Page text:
I came across an article on Learning jQuery about animating the scrolling between same-page links (i.e. anchors). Basically one block of code does this automatically, but I came across a problem that it was trying to do the same for anchors on other pages, which obviously wouldn’t work.

The line in question:

~~~ .prettyprint $(‘a[href*=#]’).click(function() {

This line selects all `a` elements with a hash (`#`) in its `href` attribute, but this also selects links to anchors on other pages. I changed it to this:

~~~ .prettyprint
$('a[href^=#]').click(function() {

So instead of matching a hash anywhere in the href attribute, this code only matches the hashes at the beginning. Other than that, the rest of the code is the same as in the article. You can see the effect here by clicking on the link in the footer to go back to the top of the page.


  • Hi there,

    Thanks for linking to my entry! Actually, though, I put that selector — $(‘a[href*=#]’) — in there intentionally, to account for all possible ways that someone could link to an anchor on the same page. The next line in my script limits it to anchors on the same page with this if condition:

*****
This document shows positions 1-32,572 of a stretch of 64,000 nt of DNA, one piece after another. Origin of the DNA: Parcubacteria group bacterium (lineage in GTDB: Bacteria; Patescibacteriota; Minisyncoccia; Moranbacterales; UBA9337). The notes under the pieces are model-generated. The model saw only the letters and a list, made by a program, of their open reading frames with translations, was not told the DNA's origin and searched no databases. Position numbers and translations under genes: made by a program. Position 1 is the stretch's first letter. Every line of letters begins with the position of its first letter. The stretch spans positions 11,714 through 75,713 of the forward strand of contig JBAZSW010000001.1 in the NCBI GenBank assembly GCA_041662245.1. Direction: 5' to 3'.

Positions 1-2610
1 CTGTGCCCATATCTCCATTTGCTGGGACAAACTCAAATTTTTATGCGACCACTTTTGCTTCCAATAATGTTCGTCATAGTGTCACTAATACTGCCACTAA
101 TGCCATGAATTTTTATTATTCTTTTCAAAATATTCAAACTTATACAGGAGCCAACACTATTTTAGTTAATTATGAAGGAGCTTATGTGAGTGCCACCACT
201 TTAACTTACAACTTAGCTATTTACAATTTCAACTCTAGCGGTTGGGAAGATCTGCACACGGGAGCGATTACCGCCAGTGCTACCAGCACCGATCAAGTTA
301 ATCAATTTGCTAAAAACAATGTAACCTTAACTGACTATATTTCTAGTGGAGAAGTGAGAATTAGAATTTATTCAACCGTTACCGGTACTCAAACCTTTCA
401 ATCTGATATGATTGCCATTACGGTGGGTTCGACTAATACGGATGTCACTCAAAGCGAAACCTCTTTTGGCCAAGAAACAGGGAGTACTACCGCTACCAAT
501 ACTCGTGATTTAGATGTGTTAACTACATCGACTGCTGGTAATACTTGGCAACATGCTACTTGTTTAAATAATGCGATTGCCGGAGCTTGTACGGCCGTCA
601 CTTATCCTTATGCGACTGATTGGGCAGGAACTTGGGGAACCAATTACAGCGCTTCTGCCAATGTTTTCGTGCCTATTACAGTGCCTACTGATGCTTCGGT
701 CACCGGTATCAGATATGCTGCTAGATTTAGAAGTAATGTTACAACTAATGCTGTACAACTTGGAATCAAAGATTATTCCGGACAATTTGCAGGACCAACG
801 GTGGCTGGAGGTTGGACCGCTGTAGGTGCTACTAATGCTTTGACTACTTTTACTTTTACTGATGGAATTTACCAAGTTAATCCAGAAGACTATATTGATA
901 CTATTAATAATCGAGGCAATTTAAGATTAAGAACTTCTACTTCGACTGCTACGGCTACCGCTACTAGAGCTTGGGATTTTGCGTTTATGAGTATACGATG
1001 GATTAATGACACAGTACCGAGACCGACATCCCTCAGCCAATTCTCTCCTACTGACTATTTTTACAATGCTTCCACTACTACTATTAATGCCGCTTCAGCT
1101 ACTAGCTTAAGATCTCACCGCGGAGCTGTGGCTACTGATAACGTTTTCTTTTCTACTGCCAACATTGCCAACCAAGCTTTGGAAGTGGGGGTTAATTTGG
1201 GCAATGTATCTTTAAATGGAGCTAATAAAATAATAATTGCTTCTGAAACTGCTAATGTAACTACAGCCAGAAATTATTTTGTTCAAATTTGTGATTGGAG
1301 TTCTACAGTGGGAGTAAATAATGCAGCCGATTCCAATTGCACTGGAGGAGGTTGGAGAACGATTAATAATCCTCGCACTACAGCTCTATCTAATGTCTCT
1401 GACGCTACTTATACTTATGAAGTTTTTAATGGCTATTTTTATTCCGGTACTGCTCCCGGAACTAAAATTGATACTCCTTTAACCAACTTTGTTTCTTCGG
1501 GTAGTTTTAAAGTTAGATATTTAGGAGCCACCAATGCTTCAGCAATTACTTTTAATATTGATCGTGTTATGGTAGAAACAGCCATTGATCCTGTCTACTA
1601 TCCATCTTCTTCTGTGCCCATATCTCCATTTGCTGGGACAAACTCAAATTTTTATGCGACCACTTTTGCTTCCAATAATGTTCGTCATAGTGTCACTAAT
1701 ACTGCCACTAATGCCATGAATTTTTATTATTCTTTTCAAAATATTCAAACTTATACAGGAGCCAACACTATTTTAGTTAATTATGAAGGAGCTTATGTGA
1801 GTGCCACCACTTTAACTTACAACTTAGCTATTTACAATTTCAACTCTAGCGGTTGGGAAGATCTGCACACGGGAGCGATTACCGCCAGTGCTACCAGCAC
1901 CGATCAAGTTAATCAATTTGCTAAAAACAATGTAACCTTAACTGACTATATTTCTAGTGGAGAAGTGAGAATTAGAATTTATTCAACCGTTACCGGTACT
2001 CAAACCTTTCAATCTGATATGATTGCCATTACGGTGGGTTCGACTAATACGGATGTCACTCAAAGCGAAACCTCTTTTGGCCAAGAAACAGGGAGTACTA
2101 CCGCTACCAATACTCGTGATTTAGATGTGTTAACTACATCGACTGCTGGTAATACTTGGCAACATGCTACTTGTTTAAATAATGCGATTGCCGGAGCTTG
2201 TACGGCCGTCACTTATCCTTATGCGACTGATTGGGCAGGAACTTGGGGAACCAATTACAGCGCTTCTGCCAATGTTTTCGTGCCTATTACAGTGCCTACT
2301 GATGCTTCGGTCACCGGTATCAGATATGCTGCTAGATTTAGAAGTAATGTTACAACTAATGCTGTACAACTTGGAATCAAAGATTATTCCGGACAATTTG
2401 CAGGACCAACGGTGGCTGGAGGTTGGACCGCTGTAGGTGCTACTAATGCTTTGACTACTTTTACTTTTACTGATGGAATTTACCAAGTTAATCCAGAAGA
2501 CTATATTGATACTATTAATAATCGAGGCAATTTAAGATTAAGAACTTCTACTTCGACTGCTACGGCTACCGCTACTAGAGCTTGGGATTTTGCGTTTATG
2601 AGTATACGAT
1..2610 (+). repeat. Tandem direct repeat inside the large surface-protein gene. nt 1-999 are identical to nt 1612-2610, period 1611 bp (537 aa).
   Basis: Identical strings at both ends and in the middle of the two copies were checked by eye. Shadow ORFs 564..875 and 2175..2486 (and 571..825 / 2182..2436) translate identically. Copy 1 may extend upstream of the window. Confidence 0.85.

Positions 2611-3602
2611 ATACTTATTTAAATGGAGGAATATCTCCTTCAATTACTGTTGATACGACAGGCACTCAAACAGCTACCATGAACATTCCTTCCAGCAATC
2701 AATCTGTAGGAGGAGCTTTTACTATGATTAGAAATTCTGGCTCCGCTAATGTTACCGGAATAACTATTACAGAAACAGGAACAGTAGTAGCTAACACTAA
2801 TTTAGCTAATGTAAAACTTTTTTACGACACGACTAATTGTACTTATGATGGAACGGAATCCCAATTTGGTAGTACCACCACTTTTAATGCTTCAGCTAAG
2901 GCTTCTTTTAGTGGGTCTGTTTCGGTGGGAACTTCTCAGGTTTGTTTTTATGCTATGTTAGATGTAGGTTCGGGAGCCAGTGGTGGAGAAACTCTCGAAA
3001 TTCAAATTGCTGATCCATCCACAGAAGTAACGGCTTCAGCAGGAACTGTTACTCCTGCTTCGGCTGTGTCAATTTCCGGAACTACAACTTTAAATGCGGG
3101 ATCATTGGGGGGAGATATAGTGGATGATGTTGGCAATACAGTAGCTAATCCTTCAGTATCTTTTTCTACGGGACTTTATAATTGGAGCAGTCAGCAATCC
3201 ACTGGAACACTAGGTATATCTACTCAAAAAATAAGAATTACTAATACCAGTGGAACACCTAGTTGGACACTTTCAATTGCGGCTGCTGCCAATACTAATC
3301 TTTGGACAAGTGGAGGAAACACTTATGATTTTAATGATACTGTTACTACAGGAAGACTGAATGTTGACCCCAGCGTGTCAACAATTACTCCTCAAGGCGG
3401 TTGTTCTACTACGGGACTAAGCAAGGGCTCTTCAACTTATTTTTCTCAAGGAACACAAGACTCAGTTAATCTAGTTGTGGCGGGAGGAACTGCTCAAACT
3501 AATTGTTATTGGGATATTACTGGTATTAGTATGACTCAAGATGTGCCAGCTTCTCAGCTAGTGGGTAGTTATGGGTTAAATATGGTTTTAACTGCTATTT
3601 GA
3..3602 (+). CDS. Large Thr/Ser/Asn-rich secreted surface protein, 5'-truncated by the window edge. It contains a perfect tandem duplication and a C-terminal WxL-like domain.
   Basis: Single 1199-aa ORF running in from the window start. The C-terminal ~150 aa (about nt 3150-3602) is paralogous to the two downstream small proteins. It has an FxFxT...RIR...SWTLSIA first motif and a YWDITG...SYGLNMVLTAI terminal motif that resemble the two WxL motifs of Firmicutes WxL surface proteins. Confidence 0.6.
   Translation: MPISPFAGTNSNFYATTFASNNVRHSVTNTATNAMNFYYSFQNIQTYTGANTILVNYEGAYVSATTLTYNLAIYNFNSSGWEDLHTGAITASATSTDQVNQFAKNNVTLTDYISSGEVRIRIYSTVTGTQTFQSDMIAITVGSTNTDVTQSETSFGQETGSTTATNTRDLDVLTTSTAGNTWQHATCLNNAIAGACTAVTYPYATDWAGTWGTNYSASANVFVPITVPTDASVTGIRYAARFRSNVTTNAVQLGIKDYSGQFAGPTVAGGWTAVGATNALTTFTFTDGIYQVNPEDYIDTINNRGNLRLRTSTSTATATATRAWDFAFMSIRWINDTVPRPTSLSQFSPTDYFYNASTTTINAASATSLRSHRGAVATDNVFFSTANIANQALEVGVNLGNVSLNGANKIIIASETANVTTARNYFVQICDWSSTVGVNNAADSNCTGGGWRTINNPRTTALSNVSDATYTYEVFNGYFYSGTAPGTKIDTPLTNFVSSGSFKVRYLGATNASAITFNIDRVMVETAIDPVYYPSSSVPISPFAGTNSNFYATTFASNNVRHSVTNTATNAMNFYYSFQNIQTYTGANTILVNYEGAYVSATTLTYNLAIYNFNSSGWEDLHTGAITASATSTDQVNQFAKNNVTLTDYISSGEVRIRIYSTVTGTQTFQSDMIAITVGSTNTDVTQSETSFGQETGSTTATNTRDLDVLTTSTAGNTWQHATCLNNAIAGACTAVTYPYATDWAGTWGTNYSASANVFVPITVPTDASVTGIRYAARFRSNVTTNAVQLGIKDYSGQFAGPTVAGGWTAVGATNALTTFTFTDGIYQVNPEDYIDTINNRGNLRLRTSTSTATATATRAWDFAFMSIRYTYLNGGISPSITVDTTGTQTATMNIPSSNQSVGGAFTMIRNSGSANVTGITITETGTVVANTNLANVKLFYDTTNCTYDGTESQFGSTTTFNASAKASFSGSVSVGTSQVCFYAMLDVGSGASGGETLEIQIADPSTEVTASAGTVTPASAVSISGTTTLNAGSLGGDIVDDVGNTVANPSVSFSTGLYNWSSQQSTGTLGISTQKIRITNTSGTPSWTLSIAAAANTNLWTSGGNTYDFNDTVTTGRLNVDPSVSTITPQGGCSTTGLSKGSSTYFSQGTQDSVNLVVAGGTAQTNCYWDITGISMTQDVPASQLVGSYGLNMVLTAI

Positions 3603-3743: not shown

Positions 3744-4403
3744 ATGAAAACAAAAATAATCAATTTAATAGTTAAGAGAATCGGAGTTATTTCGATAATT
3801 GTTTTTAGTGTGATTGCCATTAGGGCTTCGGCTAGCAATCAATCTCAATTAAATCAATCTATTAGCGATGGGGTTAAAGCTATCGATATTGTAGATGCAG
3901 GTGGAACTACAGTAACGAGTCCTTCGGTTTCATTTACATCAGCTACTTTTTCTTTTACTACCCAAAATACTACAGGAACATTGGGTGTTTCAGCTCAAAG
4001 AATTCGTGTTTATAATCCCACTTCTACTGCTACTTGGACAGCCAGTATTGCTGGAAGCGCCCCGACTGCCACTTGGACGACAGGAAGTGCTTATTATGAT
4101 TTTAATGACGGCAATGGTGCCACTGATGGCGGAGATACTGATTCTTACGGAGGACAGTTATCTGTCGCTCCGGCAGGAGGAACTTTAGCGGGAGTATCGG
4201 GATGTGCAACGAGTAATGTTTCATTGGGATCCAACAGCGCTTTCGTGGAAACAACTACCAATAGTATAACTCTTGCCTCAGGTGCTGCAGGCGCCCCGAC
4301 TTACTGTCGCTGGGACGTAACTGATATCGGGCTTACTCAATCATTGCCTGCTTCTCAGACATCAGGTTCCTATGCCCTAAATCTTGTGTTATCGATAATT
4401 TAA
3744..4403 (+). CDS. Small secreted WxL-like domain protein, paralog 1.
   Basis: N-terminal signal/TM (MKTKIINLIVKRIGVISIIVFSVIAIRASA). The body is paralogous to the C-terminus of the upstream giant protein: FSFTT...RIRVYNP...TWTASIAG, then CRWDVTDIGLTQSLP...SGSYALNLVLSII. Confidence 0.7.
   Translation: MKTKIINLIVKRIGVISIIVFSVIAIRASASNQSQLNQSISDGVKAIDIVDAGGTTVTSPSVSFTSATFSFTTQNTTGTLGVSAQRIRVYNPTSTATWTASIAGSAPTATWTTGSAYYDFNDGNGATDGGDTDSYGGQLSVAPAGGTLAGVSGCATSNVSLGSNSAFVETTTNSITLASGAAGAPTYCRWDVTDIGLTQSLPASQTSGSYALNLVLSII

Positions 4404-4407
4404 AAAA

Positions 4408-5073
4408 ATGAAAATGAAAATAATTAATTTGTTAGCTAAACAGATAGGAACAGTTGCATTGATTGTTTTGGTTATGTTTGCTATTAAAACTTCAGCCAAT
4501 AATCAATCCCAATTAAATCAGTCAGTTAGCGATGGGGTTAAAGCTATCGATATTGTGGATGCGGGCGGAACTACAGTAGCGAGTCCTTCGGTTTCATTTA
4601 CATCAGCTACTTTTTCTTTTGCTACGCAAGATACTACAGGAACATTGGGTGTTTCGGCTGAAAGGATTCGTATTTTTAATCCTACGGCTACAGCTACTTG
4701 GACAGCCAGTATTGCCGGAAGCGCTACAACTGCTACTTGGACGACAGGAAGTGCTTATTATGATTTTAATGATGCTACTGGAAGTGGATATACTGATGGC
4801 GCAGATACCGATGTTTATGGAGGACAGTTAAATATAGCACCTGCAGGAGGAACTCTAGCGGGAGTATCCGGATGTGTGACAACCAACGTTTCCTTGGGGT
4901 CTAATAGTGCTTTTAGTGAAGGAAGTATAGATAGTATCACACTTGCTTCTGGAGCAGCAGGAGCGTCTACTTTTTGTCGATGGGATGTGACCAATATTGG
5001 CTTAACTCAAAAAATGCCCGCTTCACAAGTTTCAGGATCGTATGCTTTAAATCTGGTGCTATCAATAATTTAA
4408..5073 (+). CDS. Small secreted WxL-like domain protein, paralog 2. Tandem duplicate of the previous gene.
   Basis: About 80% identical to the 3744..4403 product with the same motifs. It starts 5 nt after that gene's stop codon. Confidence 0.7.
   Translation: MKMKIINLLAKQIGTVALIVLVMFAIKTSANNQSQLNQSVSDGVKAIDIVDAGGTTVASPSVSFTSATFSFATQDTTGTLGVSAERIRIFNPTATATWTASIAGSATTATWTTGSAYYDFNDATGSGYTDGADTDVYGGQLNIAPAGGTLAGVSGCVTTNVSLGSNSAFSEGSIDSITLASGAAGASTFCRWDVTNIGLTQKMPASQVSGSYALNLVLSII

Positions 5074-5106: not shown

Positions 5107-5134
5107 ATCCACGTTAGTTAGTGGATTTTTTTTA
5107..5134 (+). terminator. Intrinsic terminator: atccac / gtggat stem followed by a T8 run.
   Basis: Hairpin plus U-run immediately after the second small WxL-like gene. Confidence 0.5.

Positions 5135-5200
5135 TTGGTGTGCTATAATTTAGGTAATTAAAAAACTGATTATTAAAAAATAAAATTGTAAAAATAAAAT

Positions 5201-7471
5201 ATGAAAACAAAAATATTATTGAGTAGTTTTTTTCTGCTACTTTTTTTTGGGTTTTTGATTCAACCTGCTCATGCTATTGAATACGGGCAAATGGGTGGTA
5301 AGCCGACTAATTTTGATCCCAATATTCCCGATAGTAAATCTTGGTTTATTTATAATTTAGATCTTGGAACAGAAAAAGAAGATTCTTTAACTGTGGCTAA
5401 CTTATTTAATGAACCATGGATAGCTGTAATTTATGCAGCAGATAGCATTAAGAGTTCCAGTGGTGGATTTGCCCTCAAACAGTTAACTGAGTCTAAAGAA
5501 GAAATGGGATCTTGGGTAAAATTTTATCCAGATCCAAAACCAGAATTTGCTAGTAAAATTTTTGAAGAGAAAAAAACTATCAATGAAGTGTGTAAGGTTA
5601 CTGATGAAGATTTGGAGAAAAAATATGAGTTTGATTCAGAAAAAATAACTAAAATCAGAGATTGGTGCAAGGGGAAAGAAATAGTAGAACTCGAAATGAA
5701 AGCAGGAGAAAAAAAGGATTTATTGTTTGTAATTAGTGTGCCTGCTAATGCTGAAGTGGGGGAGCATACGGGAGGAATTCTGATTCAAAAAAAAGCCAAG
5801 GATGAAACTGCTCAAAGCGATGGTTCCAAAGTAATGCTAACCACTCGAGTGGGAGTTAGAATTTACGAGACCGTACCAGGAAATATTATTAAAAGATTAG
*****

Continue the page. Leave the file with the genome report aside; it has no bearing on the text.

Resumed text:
if (location.pathname.replace(/^\//,'') == this.pathname.replace(/^\//,'') && location.hostname == this.hostname)

    Of course, if you know that you’ll always begin your same-page hrefs with the hash, then your method is preferable, and that next condition is unnecessary. But I felt I should make mine as generic as possible to account for an weirdness that might result from a wysywig editor in a CMS or an inexperienced content person.

    The script does have another problem, though, which I’ll be addressing in a follow-up entry soon.

  • Interesting, because with the original code my external anchors wouldn’t work — nothing happened when I clicked them, but once I changed the selector to [href^=#] it worked fine.

    Probably my bad copying ;).